|Dear Sir||New York 1 Novr. 1785|
The enclosed Letter from President Lee to you (of the Subject and Contents of which I am informed) will explain to you the Design of the Letters and papers which accompany this.
The one to the archbishops of York and Canterbury are left open for your Information; and that you may the more easily determine with yourself either to deliver it in Person, or merely to forward it by a proper Conveyance.
The attention you manifested to the episcopalian church in the affair of Denmark, has much obliged the members of it, and induced them to hope for your further good offices.
The Convention are not inclined to acknowledge or have any thing to do with Mr. Seabury—his own high Church Principles and the high Church Principles of those who ordained him, do not quadrate either with the political Principles of our Episcopalians in general, or with those on which our Revolution and Constitutions are founded. They wish therefore to have a Bishop to whom no objections of that kind can be made and that is the object of their present measures.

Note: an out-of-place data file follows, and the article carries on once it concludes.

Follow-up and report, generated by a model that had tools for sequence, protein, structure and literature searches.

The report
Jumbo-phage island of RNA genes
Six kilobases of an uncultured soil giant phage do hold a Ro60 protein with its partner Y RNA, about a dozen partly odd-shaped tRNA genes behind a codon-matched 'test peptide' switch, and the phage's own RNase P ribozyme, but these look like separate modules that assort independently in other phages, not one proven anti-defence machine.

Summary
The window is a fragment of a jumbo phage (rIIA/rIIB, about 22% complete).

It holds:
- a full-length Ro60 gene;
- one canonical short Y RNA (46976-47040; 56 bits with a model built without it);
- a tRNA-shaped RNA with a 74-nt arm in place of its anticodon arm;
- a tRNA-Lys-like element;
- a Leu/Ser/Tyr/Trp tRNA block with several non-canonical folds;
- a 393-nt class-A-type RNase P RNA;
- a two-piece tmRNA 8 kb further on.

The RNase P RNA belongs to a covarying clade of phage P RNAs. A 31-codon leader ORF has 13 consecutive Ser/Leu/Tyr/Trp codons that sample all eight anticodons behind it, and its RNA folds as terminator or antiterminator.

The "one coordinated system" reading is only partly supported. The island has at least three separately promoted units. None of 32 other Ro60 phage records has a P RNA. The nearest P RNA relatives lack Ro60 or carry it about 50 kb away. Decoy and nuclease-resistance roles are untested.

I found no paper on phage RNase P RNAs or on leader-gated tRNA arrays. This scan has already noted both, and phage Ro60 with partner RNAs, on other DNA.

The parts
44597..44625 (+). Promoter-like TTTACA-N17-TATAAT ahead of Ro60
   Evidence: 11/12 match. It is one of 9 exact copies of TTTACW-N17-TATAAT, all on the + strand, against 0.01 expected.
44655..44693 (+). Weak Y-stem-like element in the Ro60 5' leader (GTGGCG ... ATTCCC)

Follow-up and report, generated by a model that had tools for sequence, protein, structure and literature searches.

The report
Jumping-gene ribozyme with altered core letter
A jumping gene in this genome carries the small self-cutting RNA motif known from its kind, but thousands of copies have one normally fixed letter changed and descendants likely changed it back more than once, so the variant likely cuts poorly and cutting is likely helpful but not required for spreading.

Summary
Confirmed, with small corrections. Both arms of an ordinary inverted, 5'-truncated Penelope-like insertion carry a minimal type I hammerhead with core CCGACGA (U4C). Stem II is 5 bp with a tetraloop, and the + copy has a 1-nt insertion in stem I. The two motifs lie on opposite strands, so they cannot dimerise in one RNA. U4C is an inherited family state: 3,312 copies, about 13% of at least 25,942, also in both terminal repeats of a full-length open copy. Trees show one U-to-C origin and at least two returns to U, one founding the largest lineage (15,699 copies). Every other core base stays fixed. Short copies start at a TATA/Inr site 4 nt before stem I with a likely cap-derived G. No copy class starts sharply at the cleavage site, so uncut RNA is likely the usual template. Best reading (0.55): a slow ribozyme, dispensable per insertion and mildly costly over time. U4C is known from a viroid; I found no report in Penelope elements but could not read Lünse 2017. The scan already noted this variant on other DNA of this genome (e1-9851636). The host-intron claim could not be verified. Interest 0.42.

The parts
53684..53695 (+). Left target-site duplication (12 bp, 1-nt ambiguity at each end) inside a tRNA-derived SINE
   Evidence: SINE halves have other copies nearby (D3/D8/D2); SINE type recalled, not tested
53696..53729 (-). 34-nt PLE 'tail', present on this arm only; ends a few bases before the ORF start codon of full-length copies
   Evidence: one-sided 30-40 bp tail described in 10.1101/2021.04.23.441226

It will be much in your power to aid them in the attainment of it, and for my own part I think your friendly Interposition will neither dis serve your Country nor yourself—
To me personally Bishops are of little Importance but as our civil affairs are now circumstanced I have no objections to gratifying those who wish to have them—I confess I do not like the Principles of the nonjurors, and I think the less Patronage such opinions meet with among us the better.
with great and sincere Esteem & Regard / I am Dear Sir / Your Most obt. and hble Servt.